Sunday, May 31, 2015

P.J. O'Rourke Rips 'Buckley And Mailer: The Difficult Friendship That Shaped The Sixties'

I was a teenager and a political conservative in the 1960s (although in other aspects I was far from conservative) and I read William F. Buckley's newspaper column and his political books. I also watched him on his PBS TV show, Firing Line. In later years I read and enjoyed his spy thrillers. He was a huge influence.

In the 1960s I also read Norman Mailer's novels and nonfiction work. I didn't agree with his worldview, but I thought he was an interesting writer. I also thought Mailer's The Executioner's Song  was an outstanding true crime book.

Having read both authors and having watched the two brilliant men debate on Firing Line, I was initially very interested in reading Kevin M. Schultz's Buckley and Mailer: The Difficult Friendship That Shaped the Sixties.

But having now read P.J. O'Rourke's book review in the Washington Post, I'm not so sure.

Kevin M. Schultz’s “Buckley and Mailer” would be fun without Kevin M. Schultz. He’s a third wheel. What he contributes to the chronicle of friendship between William F. Buckley and Norman Mailer is what an oversize carry-on bag contributes to an airplane flight. If “Buckley and Mailer” were a Bing Crosby and Bob Hope road movie, Kevin M. Schultz would be along instead of Dorothy Lamour. Athos, Porthos and . . . Schultz.

In fairness, telling the story of two men who liked each other is difficult if you don’t like one of them. Schultz detests Buckley.

“ . . . a salesman’s eyes, as though Buckley were trying to sell something he knew you didn’t really want to buy.”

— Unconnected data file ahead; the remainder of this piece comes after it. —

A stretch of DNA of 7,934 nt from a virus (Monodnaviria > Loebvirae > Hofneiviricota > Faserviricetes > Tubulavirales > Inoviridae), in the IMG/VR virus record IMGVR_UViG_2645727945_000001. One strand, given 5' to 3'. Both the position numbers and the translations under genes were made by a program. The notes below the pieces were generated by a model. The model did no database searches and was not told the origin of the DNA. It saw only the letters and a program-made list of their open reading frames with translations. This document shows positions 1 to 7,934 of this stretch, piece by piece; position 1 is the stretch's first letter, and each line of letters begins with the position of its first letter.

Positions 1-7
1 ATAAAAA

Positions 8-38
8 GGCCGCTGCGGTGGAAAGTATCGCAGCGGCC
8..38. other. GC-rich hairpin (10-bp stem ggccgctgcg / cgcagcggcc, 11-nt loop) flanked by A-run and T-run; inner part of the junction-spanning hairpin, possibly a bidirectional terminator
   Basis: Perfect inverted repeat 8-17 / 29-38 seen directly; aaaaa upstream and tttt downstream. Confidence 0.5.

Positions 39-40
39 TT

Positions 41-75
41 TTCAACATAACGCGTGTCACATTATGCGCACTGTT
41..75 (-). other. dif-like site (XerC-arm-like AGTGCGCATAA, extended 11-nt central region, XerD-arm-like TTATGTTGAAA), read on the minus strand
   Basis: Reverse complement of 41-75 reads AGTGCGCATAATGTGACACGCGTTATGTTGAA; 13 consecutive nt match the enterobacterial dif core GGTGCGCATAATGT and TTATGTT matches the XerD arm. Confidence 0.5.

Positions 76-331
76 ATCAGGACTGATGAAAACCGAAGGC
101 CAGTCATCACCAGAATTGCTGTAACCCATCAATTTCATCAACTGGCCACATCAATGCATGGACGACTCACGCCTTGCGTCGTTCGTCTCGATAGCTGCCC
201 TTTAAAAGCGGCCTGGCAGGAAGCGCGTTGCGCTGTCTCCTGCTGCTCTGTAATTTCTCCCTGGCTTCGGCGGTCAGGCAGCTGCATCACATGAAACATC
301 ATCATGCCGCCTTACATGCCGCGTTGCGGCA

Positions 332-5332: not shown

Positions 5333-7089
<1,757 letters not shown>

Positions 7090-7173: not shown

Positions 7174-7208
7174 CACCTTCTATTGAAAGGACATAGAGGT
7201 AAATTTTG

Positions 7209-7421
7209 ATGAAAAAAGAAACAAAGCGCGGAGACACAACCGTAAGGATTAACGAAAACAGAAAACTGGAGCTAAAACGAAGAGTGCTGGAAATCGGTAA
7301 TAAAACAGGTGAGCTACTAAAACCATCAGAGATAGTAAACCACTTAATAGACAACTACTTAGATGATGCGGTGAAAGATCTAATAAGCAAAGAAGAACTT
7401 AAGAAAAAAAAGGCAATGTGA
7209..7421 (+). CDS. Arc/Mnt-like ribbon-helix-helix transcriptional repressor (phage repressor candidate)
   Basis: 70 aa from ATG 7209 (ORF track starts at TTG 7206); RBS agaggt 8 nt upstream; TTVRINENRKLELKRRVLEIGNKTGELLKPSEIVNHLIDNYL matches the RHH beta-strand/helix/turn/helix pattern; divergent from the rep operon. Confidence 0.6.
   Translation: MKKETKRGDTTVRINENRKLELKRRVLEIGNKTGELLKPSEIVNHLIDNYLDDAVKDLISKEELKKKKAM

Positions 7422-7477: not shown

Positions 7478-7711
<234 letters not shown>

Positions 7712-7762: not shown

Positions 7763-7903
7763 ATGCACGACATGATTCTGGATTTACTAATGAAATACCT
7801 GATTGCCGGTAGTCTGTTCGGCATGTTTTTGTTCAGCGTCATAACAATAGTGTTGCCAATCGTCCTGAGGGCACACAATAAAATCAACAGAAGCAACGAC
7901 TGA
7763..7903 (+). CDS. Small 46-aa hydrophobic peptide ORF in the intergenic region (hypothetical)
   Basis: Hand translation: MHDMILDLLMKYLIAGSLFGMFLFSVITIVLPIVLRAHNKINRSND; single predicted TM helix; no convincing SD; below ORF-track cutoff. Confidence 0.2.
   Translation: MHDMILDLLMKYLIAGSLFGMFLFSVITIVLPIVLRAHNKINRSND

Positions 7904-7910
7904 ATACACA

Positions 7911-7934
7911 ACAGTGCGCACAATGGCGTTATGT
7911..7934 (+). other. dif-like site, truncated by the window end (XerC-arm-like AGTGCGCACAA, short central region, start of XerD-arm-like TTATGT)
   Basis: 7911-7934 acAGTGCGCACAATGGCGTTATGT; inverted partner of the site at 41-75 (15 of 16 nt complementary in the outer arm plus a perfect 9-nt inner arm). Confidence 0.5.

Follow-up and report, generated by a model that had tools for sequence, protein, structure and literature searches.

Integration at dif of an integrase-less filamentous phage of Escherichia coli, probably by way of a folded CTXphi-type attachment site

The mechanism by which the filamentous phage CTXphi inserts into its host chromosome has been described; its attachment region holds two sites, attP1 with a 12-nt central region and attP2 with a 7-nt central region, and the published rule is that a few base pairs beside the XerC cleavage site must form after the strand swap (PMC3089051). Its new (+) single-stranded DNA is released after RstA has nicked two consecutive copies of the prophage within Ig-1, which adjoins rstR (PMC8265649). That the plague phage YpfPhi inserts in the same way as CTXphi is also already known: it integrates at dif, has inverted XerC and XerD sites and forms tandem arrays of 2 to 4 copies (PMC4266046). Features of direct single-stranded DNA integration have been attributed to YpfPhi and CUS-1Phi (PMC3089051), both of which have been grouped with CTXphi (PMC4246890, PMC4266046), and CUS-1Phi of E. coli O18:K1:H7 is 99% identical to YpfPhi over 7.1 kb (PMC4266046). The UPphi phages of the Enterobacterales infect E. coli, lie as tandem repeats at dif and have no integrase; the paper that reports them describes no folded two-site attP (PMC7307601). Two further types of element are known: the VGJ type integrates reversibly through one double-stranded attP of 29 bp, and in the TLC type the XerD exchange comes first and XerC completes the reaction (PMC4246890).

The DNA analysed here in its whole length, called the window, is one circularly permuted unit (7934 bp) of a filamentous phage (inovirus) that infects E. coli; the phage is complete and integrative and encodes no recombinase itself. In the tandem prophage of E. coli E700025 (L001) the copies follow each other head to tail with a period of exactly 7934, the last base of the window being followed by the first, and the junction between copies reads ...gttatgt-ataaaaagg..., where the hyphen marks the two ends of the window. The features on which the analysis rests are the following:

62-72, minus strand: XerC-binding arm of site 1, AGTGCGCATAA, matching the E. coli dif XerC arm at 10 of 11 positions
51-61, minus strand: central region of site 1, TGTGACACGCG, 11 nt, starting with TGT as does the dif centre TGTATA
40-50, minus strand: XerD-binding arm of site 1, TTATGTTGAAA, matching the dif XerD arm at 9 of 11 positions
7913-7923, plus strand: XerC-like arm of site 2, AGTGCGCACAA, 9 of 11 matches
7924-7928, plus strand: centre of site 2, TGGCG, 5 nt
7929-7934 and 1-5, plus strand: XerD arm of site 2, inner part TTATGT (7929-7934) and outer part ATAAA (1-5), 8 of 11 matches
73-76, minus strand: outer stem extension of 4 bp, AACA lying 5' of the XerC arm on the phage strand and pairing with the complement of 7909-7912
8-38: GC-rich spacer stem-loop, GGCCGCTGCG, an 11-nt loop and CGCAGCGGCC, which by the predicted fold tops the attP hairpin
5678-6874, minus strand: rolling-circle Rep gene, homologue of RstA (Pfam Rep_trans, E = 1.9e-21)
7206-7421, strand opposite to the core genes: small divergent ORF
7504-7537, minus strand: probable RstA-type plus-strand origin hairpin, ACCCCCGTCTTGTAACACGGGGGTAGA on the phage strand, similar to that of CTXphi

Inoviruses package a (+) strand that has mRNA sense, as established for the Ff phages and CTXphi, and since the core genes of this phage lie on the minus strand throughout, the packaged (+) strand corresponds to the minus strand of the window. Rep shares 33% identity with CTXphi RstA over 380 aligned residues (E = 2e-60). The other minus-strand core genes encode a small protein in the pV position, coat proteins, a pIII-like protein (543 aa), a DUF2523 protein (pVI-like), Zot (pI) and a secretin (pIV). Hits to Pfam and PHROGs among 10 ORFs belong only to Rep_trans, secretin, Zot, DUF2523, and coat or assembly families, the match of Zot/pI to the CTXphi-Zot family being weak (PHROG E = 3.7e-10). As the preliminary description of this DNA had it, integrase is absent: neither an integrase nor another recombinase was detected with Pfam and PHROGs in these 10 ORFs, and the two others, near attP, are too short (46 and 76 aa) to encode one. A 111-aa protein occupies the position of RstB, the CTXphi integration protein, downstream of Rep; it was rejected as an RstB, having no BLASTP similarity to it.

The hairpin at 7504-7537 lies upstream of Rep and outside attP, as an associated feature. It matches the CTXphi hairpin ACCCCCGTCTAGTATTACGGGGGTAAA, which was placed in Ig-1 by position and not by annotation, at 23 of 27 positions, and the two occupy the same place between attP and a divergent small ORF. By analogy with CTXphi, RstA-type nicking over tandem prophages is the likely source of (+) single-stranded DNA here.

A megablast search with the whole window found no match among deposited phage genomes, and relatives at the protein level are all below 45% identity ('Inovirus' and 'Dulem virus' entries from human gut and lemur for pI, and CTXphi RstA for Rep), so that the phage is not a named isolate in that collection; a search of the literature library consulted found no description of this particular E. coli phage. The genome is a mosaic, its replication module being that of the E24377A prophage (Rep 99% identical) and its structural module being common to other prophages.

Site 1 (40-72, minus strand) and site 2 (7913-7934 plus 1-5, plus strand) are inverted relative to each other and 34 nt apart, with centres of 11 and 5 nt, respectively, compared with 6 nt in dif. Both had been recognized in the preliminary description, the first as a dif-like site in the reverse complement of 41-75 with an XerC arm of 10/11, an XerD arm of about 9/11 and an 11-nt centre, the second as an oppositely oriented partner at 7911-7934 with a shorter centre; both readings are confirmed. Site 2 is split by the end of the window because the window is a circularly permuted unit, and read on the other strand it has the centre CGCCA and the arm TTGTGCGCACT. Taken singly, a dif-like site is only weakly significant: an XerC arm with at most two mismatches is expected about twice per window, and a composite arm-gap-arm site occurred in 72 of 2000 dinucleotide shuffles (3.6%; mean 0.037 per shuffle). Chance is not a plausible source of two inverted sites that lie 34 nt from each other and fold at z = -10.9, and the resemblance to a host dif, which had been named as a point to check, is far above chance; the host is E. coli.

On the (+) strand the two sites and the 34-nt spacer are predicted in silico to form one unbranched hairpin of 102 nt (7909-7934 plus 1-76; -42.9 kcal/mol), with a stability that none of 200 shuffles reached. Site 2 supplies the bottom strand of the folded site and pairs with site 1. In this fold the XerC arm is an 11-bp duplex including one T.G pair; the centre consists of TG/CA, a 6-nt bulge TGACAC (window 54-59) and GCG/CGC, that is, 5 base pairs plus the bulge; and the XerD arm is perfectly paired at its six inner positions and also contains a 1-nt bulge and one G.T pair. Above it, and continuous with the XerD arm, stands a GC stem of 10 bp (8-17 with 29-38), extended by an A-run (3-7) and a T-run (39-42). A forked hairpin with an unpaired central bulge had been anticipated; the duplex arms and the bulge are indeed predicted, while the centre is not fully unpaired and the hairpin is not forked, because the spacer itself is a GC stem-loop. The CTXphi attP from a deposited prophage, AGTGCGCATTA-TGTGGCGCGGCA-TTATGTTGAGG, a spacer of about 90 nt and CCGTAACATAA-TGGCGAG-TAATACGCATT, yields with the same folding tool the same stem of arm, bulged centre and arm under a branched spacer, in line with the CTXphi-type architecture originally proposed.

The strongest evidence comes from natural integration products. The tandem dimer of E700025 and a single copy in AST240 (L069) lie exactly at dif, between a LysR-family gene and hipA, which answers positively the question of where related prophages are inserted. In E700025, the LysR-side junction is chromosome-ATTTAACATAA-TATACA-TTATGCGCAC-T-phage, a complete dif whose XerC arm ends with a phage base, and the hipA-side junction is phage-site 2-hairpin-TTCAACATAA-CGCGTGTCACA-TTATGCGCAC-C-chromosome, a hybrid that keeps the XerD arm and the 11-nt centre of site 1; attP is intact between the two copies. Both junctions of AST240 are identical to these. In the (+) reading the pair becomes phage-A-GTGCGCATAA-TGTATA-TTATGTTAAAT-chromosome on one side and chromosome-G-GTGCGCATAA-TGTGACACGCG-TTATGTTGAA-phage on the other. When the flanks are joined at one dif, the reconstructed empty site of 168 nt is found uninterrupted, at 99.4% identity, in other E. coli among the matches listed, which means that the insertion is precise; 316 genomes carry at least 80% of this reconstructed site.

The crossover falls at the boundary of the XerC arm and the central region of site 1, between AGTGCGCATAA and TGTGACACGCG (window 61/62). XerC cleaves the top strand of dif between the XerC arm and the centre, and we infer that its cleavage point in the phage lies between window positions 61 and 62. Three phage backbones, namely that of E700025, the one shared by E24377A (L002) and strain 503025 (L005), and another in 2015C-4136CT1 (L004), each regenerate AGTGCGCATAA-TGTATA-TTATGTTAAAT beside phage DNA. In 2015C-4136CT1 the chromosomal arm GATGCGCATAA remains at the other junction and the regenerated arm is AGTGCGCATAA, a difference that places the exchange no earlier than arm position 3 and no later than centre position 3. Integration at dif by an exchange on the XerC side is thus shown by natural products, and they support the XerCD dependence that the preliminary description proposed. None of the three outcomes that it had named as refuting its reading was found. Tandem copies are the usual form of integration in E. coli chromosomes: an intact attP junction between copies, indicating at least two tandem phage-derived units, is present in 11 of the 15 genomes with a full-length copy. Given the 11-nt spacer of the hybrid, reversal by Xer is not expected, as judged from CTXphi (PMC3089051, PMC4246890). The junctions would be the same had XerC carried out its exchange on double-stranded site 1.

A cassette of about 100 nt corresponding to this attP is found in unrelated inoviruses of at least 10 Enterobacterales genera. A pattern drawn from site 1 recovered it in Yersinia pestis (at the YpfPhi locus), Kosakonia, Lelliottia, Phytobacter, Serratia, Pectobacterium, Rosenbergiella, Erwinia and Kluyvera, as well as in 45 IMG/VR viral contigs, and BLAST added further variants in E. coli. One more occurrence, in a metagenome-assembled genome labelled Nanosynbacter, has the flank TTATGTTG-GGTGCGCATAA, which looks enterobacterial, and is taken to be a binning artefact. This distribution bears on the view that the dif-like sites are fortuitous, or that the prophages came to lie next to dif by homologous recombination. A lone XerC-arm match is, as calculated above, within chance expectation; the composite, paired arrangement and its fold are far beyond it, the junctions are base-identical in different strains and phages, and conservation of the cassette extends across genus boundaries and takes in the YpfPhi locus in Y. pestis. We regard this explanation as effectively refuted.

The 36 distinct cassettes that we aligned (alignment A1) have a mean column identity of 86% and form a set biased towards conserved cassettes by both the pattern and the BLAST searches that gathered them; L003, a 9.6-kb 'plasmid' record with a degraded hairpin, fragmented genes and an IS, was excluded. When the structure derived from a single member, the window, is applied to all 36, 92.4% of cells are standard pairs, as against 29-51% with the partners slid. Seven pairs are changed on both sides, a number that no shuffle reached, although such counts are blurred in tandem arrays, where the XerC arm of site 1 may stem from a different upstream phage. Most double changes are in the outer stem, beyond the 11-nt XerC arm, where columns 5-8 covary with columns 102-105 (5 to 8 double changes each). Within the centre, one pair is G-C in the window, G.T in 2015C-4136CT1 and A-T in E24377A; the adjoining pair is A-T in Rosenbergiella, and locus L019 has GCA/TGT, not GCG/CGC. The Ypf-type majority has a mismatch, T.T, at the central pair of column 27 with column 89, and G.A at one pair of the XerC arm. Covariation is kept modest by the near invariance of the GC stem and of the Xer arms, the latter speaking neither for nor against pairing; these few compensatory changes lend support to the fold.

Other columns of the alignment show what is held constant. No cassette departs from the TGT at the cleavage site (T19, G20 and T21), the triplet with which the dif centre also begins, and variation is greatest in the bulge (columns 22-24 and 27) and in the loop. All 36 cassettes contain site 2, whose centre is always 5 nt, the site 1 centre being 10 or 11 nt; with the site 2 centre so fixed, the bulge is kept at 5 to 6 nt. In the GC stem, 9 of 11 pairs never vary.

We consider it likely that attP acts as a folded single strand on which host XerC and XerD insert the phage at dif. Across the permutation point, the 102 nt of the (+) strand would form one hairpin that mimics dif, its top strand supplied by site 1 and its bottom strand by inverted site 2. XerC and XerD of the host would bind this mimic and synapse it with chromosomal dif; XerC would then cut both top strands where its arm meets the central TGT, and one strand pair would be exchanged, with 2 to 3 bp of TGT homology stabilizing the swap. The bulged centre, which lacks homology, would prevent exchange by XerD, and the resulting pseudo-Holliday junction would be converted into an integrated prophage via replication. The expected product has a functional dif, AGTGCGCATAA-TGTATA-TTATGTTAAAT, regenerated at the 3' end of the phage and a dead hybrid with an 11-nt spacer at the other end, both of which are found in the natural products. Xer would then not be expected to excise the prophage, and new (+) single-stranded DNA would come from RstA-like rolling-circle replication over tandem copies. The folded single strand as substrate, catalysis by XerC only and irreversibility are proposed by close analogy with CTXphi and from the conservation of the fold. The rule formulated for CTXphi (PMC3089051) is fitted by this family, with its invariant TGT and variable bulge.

... Schultz’s subtitle says it all — wrong. “The Difficult Friendship That Shaped the Sixties.” The adjective, the verb and the nouns are incorrect.

Schultz is a historian of the ’60s. I was there. William F. Buckley did not shape the ’60s and would have been appalled to be accused of it. Buckley, who led conservatism’s long march from cocktail-hour mixed nuts to political main course, shaped the ’80s and, to an extent, the ever-since.

Norman Mailer did not shape the ’60s. Prosperity, pot, the pill and the draft did. Mailer was an artist; he shaped all of creation. But he had little direct influence on we who fancied ourselves members of the Armies of the Night. And Mailer considered us to be lost in the dark, anyway. Buckley and Mailer together can hardly be said to have done what Buckley and Mailer separately did not do.

... I met Buckley a number of times and owe him a boatload of praise. He was a mainmast of courtesy, an anchor of encouragement and a spinnaker of enthusiasm for whatever one had written. And he knew what it was. The man must have read everything, including National Lampoon. My first contact with Bill was in the mid-’70s, a personal note lauding something I’d done, maybe “Why Fluoride in Water Turns Kids Into Commies.” (Infrequent need to go to the dentist means fewer salutary waiting-room exposures to hard-line Cold War articles in Reader’s Digest.)

Only once did I get a chance to talk to Mailer at length. We were seated near each other at a dinner party. “The Executioner’s Song” had just been published. I asked Mailer if Gary Gilmore’s inamorata, Nicole Baker, had as much je ne sais quoi and you-know-what as it seemed. The answer was: did she ever.

You can read the rest of the review via the below link:

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